Allen, Richard Hinckley, "Star Names. Their Lore and Meaning", New York, 1963: Dover Publications, Inc. Reprint of Allen's 1899 book. Includes much history and mythology of the constellations and stars. Well worth having on your bookshelf. Some derivations of star names are erroneous and should be double-checked, especially those from non-European sources.
Burnham, Robert Jr., "Burnham's Celestial Handbook", New York, 1978: Dover Publications, Inc.
Classic guide to stars and deep sky objects for each of the 88 constellations. In three volumes. You can find a short
history about Burnham's fascinating albeit somewhat tragic life at:
Phoenix Times - Burnham
Chamberlain, Von Del, "When Stars Came Down to Earth", Los Altos, 1982: Ballena Press. Cosmology of the Skidi Pawnee, a North American Indian tribe. They were great observers of the heavens.
Clerke, Agnes M., "A Popular History of Astronomy During the Nineteenth Century", Decorah, 2003: Sattre Press. Reprint of the 1902 edition. Clerke's thoroughness and writing style makes this a most interesting book to read. Popular History deals with the discoveries and technical aspects of 19th century astronomy, not with constellation lore.
Dekker, Elly, "Globes at Greenwich", New York, 1999: Oxford University Press. Excellent book covering the armillary spheres and globes that are housed in the National Maritime Museum. Includes both terrestrial and celestial globes from the 16th through the 20th centuries.
Fuchs, Jim, "Filling the Sky", Grand Junction, 2003: privately-published. History of the 41 modern official constellations: those created in the 16th - 18th centuries. The classical Greek constellations are only briefly mentioned. Included are constellation figures based on original sources and overlain onto modern star charts. Readers can then easily see how the authors placed their constellations in the sky.
Jobes, Gertrude and James, "Outer Space: Myths, Name Meanings, Calendars", New York, 1964: The Scarecrow Press. Out of print but available through some libraries. Interesting, if somewhat outdated, information.
Krogt, Peter van der, "Globi Neerlandici. The Production of Globes in the Low Countries", Utrecht, 1993: HES Publishers. Not an inexpensive book but well worth it if you seriously wish to pursue research into early terrestrial and celestial globes. Includes the celestial globes of Hondius and Bleau (the first globes to illustrate the 12 new southern Dutch constellations).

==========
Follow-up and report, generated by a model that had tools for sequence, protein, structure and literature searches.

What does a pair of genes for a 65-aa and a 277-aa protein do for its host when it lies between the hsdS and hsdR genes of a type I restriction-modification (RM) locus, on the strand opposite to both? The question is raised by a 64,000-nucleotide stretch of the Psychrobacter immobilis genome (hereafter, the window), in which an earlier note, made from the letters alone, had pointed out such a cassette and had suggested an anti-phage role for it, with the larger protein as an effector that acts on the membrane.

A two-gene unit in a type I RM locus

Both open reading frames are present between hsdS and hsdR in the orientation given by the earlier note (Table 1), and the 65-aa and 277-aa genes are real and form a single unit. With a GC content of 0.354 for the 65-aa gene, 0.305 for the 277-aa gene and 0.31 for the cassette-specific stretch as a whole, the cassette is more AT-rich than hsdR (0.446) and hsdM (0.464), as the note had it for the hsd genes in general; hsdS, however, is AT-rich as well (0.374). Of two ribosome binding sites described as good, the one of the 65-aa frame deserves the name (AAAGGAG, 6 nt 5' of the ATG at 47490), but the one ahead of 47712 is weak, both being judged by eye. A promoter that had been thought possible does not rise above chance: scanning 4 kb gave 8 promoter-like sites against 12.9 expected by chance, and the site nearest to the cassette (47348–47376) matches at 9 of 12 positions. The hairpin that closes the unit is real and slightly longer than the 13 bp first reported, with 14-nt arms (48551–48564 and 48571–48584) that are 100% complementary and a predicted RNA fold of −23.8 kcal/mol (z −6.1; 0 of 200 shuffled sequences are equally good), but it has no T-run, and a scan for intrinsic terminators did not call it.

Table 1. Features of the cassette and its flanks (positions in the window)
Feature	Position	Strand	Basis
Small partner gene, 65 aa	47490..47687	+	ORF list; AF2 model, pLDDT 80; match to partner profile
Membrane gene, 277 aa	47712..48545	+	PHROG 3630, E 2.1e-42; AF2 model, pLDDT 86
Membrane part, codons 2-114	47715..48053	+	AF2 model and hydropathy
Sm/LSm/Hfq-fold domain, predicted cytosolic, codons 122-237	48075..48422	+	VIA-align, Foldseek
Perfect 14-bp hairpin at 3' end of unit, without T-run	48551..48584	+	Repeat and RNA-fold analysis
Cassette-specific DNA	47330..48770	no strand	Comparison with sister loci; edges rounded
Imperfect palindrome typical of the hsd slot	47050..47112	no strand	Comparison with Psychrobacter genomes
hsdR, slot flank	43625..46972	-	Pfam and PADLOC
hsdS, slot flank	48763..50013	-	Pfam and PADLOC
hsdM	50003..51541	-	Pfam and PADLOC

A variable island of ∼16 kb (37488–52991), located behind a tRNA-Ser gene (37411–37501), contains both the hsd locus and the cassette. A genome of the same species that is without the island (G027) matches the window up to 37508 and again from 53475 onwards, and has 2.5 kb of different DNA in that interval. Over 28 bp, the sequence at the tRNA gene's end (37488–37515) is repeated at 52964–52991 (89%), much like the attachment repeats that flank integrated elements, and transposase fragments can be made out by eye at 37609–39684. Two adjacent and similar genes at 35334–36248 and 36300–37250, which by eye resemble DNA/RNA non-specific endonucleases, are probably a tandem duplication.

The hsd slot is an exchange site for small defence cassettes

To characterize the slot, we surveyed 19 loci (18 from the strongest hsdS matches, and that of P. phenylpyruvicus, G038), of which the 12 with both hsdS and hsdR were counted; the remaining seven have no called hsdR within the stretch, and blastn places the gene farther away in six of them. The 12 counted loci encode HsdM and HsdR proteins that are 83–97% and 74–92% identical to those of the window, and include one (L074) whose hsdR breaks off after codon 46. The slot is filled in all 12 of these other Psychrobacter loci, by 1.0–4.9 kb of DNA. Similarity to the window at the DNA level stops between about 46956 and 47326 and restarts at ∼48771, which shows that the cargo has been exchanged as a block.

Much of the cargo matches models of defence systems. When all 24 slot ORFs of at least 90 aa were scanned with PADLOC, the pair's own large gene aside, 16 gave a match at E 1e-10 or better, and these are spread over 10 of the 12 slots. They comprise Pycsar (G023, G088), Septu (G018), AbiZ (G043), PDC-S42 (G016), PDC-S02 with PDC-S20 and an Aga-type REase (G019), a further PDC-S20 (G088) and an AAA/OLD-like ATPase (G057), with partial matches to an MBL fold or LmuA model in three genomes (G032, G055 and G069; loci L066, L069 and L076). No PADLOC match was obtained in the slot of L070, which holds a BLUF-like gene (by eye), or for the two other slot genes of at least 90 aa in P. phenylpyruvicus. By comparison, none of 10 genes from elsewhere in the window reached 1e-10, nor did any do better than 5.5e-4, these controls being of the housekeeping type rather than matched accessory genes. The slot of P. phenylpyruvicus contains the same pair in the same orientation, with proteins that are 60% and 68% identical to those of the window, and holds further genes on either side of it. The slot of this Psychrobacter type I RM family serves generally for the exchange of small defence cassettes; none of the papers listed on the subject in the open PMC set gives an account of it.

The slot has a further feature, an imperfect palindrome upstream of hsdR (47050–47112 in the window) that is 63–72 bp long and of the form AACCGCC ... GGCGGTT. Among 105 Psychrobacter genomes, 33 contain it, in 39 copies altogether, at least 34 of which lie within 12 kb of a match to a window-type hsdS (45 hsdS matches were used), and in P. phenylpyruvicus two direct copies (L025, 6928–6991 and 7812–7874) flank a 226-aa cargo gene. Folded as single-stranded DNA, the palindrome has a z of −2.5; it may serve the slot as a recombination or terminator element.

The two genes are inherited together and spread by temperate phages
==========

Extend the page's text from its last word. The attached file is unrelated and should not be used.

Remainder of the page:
Kunitzsch, Paul, and Tim Smart, "Short Guide to Modern Star Names and Their Derivations", Wiesbaden, 1986: Otto
THE source for star names in use today.
Lovi, George, and Wil Tirion, "Men, Monsters, and the Modern Universe", Richmond, 1989: Willmann-Bell, Inc. Mythology, history, astronomy. Includes Tirion's The Bright Star Atlas.
Miller, Dorcas S., "Stars of the First People. Native American Star Myths and Constellations", Boulder, 1997: Pruett Publishing Company.
Sesti, Giuseppe Maria, "The Glorious Constellations", New York, 1991: Harry Abrams, Inc. Wonderfully illustrated book discussing the early history of astronomy and the Ptolemaic constellations. It also describes the 1575 Italian Farnese fresco of the classical constellations.
Staal, Julius D.W., "The New Patterns in the Sky", Blacksburg, 1988: The McDonald and Woodward Publishing Company. Constellation myths from around the world. The author attributes the Plancius/Keyser constellations to Bayer. Enjoyable reading.
Urton, Gary, "At the Crossroads of the Earth and Sky", Austin, 1981: University of Texas Press. Cosmology from the Andes, near Cuzco Peru.
Warner, Deborah, "The Sky Explored. Celestial Cartography 1500-1800", New York, 1979: Alan R. Liss, Inc. A must have for those studying celestial cartography.
Almagest catalog courtesy of the Astronomy Corner.
"Ptolemy's catalogue of stars: a revision of the Almagest" by Peters and Knobel (1915). Internet Archive book.
Astronomical Photograph of the Day
Great photo site. Check out the archive page.
Cartes du Ciel
Free planetarium program. Great looking stars and prints excellent charts. Takes a little extra effort to learn but well worth it.
Links to online celestial atlases and exhibits.
Reviews of telescopes and binoculars.
Coma Berenices, Vopel Maps
"Caspar Vopel's Ventures in Sixteenth-Century Celestial Cartography", by Elly Dekker. Detailed account of Vopel's new constellation, Coma Berenices, and much more. (2010)
Dark Sky Association
Fight light pollution!
Brera Museo Astronomico
Celestial maps of Doppelmayr, Flamsteed, and Hevelius.
Galileo's life - year by year.
The Golden Age of the Celestial Atlas.
Exhibit of many early celestial atlases from the Linda Hall Library.
History of Astronomy.
R.H. van Gent's website that includes some celestial cartography links as well as detailed research.
Satellite, ISS, etc., tracking information.
How Many Stars
The number of stars in the sky per magnitude and a whole lot more.
Jet Propulsion Laboratory
Space exploration site.
MyStars!, version 2.7 by David Patte.
Nice user interface on this shareware planetarium program.
Lots of information about the sun, planets, and moons.
Rare Books and Glass Plates
Photos of Bayer's Uranometria and works of other astronomers.
Sky and Telescope
The magazine's website.
NASA Science Missions
Past, current, and future space missions of NASA.
Ian Ridpath's popular constellation book is now on the web.
Astronomy photos from New Zealand.
Constellation and deep sky photos from Japan.
Free program with a very pleasant and realistic display of the day and night sky.